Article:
Will roster shakeup improve Sharks?
After years of strong regular seasons followed by bitter playoff disappointments, the Sharks finally shook things up this summer.
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San Jose made a pair of bold trades with Minnesota, shipping out high-scoring forwards Dany Heatley and Devin Setoguchi in separate deals that brought back defenseman Brent Burns and forward Martin Havlat. The Sharks hope those changes, along with a number of smaller moves to add some toughness to the defense and create room for an infusion of youth up front, will help the team finally get over the hump after being eliminated in the conference final in each of the last two years.
2010-11 record: 48-25-9, 105 points (1st Pacific Division; 2nd Western Conference; beat Los Angeles 4-2 in first round and Detroit 4-3 in second round, lost in conference finals to Vancouver, 4-1)
Key additions: D Brent Burns (trade with Minnesota); F Martin Havlat (trade with Minnesota); F Michal Hanzus (free agent); D Colin White (free agent); D Jim Vandermeer (free agent); F Ben Guite (free agent); F James Sheppard (trade with Minnesota); D Matt Pelech (free agent); F Andrew Murray (free agent)
Key losses: F Dany Heatley (traded to Minnesota); F Devin Setoguchi (traded to Minnesota); F Charlie Coyle (traded to Minnesota); D Ian White (signed with Detroit); F Ben Eager (signed with Edmonton); F Jamal Mayers (signed with Chicago); F Scott Nichol (signed with St. Louis); F Kyle Wellwood (free aget); D Niclas Wallin (signed with Lulea HF, Sweden)
Burning question: How will the new pieces fit into the Sharks' scheme?
The Sharks will look much different this season, but will they fare any better when it matters most? San Jose is banking on the addition of a true No. 1 defenseman in Burns and a forward who has done a better job of elevating his game in the postseason in recent years in Havlat being the final pieces to a championship puzzle. Burns brings some risk with his concussion history, but he's the total package of size and skill that San Jose hasn't had since Rob Blake retired. And even Blake was well past his prime by the time he arrived in San Jose, while Burns, 26, is just entering his peak years.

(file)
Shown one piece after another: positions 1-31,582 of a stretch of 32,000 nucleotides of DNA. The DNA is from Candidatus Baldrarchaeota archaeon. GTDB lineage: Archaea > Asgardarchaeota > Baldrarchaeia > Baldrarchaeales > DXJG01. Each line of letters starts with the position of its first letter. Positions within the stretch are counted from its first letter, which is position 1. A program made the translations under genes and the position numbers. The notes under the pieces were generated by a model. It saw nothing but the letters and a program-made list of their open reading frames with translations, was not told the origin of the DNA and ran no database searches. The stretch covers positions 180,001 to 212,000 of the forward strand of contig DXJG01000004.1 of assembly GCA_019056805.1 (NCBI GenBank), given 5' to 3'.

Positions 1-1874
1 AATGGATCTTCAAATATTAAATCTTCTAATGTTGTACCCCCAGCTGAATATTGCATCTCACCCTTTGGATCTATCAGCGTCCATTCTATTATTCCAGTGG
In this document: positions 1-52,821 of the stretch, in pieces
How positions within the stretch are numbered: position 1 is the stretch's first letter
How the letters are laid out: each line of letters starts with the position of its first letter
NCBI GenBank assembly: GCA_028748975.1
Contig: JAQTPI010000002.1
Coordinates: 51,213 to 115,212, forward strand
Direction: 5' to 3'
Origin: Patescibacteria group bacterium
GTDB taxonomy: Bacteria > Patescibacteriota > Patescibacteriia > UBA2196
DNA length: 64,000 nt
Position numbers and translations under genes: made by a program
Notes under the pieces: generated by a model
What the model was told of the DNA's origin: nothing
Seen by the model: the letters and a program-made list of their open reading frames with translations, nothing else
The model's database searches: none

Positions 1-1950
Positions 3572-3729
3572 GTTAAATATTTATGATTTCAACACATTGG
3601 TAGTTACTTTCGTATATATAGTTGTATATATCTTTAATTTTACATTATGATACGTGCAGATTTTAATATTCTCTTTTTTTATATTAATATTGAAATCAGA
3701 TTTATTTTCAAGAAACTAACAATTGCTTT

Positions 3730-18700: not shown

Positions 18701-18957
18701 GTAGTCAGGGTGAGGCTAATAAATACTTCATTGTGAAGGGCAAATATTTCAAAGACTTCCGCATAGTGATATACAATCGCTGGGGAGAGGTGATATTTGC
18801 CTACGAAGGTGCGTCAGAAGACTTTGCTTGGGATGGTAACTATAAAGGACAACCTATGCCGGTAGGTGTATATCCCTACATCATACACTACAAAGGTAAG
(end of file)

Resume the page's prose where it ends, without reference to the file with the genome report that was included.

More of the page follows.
Heatley appears to be on the wrong side of his prime. He is coming off a subpar season, with his 26 goals and 64 points his lowest output since a 13-12-25 season in just 31 games back in 2003-04. He also managed just 3-6-9 totals in 18 playoff games and had just five goals in 32 postseason games in his stay in San Jose. Havlat had five goals (and 15 points) in 16 games in his last playoff appearance with Chicago in 2009, and had 7-6-13 totals in 10 games with Ottawa in his last playoff run before that in 2006.
2011-12 outlook: Even after trading away Heatley and Setoguchi, the Sharks still have their top three regular-season scorers and top five playoff scorers back from last year. Patrick Marleau (37-36-73), Thornton (21-49-70), Joe Pavelski (20-46-66), Ryan Clowe (24-38-62), Logan Couture (32-24-56) and now Havlat (22-40-62) combine to give the Sharks as deep an attack up front as anyone in the league. Burns (17-29-46) and Dan Boyle (9-41-50) will also form a potent 1-2 punch on the blue line, with newcomer White and Vandermeer joining Douglas Murray to add some serious size and toughness on that back end as well.
They may need that defensive grit, as the Sharks lost much of their toughness up front with Ben Eager, Jamal Mayers and Nichol all signing elsewhere. San Jose will also need more from goalie Antti Niemi in the postseason. He was solid in the regular season with a 35-18-6 record, 2.38 GAA and .920 save percentage, but his numbers slipped to 8-9, 3.22 and .896 in the playoffs. Niemi's done it before though, backstopping the Blackhawks to the Cup in 2010.
Did you know? Boston's Cup celebration this spring, coupled with another frustrating finish for San Jose, has certainly eased the sting of the Thornton trade for Bruins fans, but there's still no denying it was one of the most lopsided deals in NHL history. Thornton has slowed a bit, with his 70 points last year the lowest total of his stint in San Jose (though his 17 points in the playoffs were a career high). Still, in just under six years with the Sharks, he has amassed 137-410-547 totals in 463 games, and will add to those totals with a new three-year, $21-million deal beginning this season. The three players Boston received in return — Brad Stuart, Marco Sturm and Wayne Primeau — combined for just 506 games in Boston with 136-134-270 totals, less than half of Thornton's point production in San Jose. None of the three remain in Boston, with Primeau no longer playing at all.